Dr. Germaine Smith-Baugh continues to be a beacon of the Broward County community. As CEO of Urban League of Broward County, Dr. Smith-Baugh has helped to improve social issues and led a $9 million capital campaign to construct the Community Empowerment Center.
When did you discover that you were being honored as a 2018 African-American Achiever?
I have known about the African-American Achiever event for the entire time I have worked at the Urban League and attended dozens of the ceremonies. Needless to say, I was elated when I received the official call from Ms. Kim Bentley indicating that not only had I been nominated (because that has happened many times before), but this year, I was selected a recipient this year.
Why is it important for women of color to lead or work in leadership roles?
Women in leadership is an imperative. Women of color bring a different perspective to the leadership roles they play based on their cultural heritage and experiences. I know that I have different experiences that impact my leadership and there are times when those create opportunities and even barriers to access. The resiliency of women of color have always rung through and will always be a unique attribute of how we lead others and gather those around us to move to the next levels in their leadership.
If you could thank any woman in history for her contributions to society, who would it be and why?
I would thank my grandmothers. They were never famous from a historical perspective nor will books be written about their accomplishments. My paternal grandmother, Leah Smith, owned businesses (had to partner with men in order to do so) when it was not the norm in Tortola, British Virgin Islands. She was a woman of many talents, and had a strong business mind, but would never be recognized for it because of time she was born. My maternal grandmother, Rosamond Malone, was the only grandparent I ever met, and she was a pillar of strength and without any formal training was a healer and midwife to many women in Tortola, British Virgin Islands. In her later years, she was recognized by the Queen of England for her commitment to community and women and children. These women planted seeds that are growing oak trees in their families today.
What thoughtful or encouraging piece of advice would you give to your younger self?
Do not sweat the small stuff! I know it is such a cliché now, but really when you are younger, you are so obsessed with getting it right. Frankly, it may never be right or good enough, but I would tell my younger self just do what you know is right and let the rest fall into place. Be ready to pay the consequences, good or bad, for your decisions. Choose well because you may never get another chance.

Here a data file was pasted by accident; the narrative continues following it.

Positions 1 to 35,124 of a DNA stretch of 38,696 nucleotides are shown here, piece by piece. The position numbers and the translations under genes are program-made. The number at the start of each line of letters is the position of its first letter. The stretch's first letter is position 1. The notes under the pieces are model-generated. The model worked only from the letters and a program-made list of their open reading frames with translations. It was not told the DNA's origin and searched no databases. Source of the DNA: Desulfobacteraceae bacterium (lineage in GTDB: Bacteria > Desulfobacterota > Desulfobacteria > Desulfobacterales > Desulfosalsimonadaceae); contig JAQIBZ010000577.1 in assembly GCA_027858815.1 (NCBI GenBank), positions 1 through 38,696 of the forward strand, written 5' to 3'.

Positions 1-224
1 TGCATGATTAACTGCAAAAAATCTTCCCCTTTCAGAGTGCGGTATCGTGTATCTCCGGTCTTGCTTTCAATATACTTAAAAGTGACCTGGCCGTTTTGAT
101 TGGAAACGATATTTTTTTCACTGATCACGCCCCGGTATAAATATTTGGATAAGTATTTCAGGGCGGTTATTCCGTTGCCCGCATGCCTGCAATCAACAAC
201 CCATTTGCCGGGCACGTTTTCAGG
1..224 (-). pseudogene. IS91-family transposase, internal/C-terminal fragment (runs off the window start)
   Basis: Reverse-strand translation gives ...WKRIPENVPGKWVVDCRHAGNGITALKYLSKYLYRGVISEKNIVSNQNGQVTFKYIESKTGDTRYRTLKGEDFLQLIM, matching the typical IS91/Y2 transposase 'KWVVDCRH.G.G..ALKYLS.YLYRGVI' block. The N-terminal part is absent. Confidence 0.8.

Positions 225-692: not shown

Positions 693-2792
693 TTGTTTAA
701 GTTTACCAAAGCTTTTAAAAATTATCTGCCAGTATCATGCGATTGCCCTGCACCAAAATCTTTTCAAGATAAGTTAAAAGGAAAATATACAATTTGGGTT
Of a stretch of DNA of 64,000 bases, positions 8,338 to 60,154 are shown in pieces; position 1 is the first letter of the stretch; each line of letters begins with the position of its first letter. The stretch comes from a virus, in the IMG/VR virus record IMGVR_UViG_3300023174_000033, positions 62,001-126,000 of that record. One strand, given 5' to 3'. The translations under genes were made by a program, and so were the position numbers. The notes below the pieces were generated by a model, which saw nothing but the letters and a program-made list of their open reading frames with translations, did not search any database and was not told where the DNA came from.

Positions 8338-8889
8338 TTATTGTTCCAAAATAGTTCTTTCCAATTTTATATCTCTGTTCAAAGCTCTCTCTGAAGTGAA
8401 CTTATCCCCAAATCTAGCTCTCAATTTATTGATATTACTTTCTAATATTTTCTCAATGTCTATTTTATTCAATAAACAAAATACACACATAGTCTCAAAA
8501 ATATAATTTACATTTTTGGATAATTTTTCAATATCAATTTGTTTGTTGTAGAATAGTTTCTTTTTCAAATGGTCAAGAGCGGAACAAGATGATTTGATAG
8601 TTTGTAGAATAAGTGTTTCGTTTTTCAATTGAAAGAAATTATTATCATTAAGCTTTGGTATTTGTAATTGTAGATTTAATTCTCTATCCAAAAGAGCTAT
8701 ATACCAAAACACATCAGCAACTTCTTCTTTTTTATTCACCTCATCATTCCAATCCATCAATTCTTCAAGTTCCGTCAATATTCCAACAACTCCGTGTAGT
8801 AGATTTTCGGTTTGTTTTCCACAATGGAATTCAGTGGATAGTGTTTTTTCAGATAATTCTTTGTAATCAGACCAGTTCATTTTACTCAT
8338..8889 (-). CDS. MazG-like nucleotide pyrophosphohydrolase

Why is it important for seasoned and experienced women to reach back and help younger women?
Frankly, I do not think we do enough of it in truly genuine ways. We often share with individuals the “good” parts of our life and leave the rest behind. I pray constantly that I will allow myself to be appropriately vulnerable so that when people engage with me that they feel they have a real experience. I often say to people ‘I will tell you my own story, the good, the bad and the in-between because short of that you will make something up that may be far worse.’ Therefore, I think it very important that we share our successes and failures – there is always wisdom in failure!
As a successful woman in business, what is your greatest or proudest achievement?
My greatest achievement is the dance balance I have between Germaine the CEO at work and Germaine the COO at home. I often jest with a close circle of other women business leaders that my goal is to end with the same husband and that my children will care for me in my old age. I am very cognizant that all these accolades will eventually fade and what will matter are the authentic relationships I build with others along this journey called life.
If you had one super power to use in business or community work, what would it be?
My one super power would be influence people’s behavior for the ‘goodwil’ of others. Our society is far too selfish and we want when we clearly have enough. It’s time to say “enough” and look to the brother or sister to your left or your right, and reach out a helping hand.